It is a clear morning on the south side of the Grand Canyon. This is the starting point for Linda Glover Gooch. Little by little, the image starts to form. Thousands of people take pictures of the Grand Canyon every day in hopes of capturing its beauty. Linda Glover Gooch could have stayed home and copied a photograph of the canyon. But she says that would not be the same.
LINDA GLOVER GOOCH: "Oh, there is a huge difference because you are in the atmosphere. You feel the air. Photos are nice, but they still lose some of the feeling that's out there. And you experience it, you know, firsthand, so your emotions are there at the same time as you are doing the work."
This is what artists call plein air painting, in which the changing light and environment affect the work. Scott Kraynak is with the National Park Service.
SCOTT KRAYNAK: "It's painting quickly in nature to capture fleeting moments in nature of the light."
The National Park Service invites artists to make paintings that will later be sold. The money helps to pay for the building of an art gallery. Kraynak says many people first came to know the Grand Canyon through paintings.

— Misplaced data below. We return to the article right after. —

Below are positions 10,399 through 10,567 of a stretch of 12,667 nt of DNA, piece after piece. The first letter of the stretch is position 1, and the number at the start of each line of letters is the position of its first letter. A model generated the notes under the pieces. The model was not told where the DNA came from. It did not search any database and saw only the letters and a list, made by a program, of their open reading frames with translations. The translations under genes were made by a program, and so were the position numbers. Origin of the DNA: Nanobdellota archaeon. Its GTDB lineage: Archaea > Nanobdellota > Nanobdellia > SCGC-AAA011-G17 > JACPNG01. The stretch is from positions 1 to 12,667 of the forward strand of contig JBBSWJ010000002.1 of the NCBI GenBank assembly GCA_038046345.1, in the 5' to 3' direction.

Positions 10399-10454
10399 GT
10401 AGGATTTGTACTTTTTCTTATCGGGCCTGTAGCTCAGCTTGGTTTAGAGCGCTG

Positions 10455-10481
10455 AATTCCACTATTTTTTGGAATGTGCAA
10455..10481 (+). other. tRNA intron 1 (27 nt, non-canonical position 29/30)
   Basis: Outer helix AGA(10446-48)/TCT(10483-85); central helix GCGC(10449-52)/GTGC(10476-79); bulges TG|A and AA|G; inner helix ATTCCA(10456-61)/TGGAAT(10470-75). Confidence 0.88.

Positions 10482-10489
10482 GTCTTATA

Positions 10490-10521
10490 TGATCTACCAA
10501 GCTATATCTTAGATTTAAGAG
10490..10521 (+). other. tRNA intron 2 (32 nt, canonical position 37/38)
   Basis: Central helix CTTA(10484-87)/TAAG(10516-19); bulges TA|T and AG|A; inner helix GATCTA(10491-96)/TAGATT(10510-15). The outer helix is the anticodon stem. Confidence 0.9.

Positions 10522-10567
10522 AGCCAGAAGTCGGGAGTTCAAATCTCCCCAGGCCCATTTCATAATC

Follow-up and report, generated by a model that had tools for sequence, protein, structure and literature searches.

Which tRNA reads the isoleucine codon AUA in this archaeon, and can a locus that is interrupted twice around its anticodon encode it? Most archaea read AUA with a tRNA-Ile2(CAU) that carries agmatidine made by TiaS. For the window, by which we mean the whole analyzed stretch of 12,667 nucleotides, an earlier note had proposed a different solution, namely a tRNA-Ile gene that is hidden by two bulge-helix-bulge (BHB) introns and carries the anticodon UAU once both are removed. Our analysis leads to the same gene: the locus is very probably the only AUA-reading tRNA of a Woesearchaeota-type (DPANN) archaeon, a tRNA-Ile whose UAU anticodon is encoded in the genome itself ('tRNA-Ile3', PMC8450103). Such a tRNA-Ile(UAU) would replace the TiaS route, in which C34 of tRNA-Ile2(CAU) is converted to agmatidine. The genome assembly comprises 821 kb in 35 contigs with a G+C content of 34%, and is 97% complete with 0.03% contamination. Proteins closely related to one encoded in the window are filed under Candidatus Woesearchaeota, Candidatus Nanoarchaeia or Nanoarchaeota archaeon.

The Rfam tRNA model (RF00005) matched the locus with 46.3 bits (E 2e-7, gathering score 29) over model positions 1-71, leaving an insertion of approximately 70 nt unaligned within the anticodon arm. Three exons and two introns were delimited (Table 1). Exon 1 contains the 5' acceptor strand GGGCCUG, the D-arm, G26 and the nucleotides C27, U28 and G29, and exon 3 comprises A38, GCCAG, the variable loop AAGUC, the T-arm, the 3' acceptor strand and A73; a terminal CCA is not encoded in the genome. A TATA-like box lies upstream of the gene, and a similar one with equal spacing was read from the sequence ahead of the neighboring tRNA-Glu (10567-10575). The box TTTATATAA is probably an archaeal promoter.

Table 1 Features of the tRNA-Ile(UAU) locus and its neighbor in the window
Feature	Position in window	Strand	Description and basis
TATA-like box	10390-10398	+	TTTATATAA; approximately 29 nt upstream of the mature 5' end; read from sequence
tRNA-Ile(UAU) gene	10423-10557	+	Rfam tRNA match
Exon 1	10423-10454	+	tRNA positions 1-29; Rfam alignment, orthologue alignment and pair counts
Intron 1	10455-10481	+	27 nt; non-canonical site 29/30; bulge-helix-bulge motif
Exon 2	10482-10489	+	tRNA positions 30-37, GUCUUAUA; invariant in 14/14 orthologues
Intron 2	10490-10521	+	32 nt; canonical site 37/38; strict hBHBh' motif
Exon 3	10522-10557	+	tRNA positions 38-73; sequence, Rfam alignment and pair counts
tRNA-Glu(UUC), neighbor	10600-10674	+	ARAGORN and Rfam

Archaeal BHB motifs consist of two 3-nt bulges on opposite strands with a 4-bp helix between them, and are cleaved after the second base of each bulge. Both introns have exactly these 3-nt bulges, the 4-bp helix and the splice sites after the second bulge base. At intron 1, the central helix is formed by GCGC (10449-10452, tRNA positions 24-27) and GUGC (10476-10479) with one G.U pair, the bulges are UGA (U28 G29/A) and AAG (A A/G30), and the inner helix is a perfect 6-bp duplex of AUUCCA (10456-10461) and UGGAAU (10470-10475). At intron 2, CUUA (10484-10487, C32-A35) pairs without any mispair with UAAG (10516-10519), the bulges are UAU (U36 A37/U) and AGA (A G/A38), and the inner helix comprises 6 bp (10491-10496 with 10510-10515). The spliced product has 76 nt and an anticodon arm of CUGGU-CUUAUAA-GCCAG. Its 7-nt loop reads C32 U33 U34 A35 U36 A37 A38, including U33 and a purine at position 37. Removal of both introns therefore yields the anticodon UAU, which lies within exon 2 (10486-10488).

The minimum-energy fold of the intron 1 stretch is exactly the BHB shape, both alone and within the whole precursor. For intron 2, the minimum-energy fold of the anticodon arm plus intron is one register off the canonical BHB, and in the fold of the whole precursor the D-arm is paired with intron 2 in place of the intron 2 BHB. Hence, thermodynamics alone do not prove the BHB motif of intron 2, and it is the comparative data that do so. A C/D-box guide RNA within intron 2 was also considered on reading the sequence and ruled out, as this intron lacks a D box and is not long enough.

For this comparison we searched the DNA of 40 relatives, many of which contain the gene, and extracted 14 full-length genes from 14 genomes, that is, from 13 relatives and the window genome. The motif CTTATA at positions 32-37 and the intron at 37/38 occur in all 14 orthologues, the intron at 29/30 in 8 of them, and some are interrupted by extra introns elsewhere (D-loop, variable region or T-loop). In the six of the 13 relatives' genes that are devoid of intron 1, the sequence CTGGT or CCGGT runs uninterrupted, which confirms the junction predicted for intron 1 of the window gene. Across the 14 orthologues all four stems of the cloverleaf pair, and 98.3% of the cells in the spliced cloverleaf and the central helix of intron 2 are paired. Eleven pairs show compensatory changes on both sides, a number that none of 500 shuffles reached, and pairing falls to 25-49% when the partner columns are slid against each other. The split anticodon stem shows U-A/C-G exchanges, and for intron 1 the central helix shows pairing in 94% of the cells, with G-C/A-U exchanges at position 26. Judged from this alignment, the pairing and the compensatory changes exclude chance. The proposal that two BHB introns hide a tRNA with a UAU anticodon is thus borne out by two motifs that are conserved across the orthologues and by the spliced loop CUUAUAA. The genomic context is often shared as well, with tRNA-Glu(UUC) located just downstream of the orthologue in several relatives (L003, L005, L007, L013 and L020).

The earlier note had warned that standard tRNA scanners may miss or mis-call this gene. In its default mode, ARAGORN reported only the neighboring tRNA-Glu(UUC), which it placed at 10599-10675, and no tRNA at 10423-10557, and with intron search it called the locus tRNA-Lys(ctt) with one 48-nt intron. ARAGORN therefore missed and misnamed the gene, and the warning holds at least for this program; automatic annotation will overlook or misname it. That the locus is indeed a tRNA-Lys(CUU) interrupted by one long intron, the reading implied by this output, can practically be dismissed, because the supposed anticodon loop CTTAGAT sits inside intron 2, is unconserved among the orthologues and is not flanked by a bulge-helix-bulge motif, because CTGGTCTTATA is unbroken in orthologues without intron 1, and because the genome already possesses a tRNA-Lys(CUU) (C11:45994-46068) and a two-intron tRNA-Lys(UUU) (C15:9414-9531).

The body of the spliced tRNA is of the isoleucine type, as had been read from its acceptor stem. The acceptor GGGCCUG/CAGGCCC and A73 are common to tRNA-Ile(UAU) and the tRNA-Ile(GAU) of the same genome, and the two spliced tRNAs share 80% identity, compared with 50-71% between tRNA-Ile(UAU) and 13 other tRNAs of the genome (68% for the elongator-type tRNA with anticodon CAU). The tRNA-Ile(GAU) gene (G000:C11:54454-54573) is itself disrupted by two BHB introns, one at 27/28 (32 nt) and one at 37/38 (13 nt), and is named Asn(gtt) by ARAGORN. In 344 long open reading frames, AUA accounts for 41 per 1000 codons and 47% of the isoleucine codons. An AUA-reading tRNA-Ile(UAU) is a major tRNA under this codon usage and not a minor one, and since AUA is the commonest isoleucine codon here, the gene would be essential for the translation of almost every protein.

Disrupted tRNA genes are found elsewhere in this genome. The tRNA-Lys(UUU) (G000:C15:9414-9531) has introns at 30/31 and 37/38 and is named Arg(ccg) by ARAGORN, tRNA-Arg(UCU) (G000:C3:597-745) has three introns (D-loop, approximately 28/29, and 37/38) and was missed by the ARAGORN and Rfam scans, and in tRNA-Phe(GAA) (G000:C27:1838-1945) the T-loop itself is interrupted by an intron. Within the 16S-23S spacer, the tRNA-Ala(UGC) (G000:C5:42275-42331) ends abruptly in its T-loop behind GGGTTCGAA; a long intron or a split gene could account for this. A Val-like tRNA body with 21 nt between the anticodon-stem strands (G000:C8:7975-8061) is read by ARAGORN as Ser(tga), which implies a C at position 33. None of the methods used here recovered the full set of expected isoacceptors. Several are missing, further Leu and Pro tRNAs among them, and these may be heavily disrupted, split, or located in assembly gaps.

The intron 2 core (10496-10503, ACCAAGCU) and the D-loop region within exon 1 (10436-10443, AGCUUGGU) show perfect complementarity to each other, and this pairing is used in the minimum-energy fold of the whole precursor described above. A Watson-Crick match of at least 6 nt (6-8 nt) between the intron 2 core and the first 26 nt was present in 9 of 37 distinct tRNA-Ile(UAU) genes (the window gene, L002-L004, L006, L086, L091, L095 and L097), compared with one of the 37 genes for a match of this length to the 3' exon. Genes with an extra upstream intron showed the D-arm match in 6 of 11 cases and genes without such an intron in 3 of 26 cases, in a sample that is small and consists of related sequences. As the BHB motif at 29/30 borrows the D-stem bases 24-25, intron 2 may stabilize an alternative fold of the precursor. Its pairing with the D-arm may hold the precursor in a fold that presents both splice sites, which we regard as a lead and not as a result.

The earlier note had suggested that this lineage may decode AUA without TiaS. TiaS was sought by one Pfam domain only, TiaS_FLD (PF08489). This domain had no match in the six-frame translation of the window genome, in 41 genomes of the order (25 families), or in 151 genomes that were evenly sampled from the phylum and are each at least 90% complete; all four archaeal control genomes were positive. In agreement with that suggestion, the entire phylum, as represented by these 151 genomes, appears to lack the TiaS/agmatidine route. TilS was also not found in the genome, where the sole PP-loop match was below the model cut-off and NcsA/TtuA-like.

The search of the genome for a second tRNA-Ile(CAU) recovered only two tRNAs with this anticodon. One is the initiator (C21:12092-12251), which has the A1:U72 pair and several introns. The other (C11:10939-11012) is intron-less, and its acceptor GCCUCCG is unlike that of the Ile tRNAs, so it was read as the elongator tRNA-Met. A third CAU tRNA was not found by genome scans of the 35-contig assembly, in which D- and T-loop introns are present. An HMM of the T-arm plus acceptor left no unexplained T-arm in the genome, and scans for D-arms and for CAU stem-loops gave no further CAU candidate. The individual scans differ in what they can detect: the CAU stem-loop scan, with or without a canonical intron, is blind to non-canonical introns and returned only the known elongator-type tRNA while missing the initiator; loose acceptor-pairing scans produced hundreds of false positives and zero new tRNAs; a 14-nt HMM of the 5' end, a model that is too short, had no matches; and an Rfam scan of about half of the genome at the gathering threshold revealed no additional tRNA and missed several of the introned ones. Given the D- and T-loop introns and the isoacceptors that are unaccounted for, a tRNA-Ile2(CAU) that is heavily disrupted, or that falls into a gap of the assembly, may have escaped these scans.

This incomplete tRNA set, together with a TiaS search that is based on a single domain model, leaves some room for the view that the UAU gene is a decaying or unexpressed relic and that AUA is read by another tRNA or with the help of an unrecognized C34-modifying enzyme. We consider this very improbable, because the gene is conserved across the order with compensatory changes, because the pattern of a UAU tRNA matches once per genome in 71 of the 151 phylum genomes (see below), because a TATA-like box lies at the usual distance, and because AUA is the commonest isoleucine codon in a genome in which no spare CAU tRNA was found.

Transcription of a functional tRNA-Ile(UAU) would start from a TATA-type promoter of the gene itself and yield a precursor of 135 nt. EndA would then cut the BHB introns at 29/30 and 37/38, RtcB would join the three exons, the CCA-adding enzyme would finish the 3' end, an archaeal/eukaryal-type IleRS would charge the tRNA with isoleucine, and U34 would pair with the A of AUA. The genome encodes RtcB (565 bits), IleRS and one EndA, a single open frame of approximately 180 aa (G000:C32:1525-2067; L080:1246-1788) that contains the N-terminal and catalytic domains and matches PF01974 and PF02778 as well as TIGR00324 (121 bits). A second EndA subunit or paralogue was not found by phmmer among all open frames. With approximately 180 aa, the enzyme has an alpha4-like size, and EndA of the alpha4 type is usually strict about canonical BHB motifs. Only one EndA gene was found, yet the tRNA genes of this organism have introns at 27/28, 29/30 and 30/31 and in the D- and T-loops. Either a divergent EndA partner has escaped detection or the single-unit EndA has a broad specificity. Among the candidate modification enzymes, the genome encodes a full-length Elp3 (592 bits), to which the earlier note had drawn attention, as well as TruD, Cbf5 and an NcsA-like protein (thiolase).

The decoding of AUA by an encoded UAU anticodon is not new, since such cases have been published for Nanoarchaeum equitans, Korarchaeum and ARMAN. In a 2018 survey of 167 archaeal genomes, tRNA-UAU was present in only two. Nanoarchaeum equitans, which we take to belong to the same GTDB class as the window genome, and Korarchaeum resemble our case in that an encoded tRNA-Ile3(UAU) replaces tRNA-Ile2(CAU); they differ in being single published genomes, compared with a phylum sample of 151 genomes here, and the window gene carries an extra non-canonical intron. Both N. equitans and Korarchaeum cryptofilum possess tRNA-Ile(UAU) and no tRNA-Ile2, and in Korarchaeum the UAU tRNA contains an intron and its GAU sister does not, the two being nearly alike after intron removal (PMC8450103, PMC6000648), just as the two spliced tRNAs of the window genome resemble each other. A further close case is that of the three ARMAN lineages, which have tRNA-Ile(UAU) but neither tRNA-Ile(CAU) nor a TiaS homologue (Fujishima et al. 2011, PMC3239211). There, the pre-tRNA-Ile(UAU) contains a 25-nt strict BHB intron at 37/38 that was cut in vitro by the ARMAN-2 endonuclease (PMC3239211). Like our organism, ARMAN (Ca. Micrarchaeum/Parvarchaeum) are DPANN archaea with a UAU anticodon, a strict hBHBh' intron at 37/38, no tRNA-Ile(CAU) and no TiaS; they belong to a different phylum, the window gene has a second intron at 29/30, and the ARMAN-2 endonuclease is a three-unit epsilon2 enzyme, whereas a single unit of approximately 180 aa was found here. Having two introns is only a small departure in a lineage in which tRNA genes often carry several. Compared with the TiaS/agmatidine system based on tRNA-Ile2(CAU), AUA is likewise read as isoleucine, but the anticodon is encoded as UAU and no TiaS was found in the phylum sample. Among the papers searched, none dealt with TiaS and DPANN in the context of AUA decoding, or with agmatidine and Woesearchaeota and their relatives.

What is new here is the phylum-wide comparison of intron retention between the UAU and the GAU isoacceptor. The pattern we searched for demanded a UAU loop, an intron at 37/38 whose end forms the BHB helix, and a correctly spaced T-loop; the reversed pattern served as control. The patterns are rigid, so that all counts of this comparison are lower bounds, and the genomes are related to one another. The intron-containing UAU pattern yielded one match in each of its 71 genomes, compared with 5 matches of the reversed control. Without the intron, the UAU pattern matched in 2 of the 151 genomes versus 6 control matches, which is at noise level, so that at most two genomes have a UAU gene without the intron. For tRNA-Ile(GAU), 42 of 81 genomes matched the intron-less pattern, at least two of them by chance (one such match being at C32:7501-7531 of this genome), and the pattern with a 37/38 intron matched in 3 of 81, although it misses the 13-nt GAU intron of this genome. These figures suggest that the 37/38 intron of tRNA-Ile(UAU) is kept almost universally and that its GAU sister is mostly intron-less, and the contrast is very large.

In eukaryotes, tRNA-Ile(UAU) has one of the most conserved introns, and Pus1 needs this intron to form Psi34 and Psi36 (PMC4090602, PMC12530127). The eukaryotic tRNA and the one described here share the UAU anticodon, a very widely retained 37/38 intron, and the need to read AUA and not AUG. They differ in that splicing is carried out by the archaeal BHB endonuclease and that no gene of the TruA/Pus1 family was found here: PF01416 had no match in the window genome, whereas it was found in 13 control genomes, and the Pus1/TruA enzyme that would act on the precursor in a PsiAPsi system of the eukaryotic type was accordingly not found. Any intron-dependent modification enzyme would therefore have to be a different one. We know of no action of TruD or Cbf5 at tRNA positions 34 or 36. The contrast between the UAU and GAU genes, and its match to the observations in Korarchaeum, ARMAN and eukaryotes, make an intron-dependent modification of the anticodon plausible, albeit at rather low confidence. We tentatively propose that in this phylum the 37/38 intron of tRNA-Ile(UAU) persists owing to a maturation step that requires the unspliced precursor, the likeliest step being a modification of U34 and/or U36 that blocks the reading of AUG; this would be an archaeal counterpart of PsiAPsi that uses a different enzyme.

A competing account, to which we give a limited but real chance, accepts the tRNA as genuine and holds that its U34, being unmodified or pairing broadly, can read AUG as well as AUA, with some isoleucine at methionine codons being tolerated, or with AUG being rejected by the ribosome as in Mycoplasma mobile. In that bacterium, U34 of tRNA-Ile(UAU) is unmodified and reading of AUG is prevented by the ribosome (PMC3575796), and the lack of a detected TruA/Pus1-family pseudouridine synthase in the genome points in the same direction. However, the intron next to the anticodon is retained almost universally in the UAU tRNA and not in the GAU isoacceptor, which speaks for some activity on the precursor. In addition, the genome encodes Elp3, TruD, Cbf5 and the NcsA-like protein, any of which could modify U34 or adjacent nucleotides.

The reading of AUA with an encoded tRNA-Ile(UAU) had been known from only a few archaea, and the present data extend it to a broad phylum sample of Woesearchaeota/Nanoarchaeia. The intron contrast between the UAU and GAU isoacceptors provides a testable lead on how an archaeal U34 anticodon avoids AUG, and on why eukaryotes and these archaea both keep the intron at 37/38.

SCOTT KRAYNAK: "Not many people, I think, realize the importance of art in the national parks. Art first gave people a glimpse of what these areas looked like in the West, before TV and Internet. Art was a big factor in these areas being set aside. Art was big factor of popularizing national parks."
The works of Linda Glover Gooch can be seen in places like the Lawrence Gallery in Scottsdale, Arizona. Her paintings offer images of nature and the desert to collectors who want to take some of the beauty home with them.
LINDA GLOVER GOOCH: "I want to get that light on that point because it's only going to be there for an hour more, maybe, or a little less. It's really bright."
Gooch spent all day at the Grand Canyon to produce this one small painting. But she says there is nowhere else she would rather be.
LINDA GLOVER GOOCH: "Words can't explain it. It is just a gorgeous place. It's challenging. It's always changing. The weather is never the same. It gives you a lot of views. You could paint the rest of your life out here and always see something different."
In the end, her painting of this one part of the canyon is complete and ready for showing. However, the ever-changing appearance of the canyon makes her want to return and paint another day. I'm Steve Ember.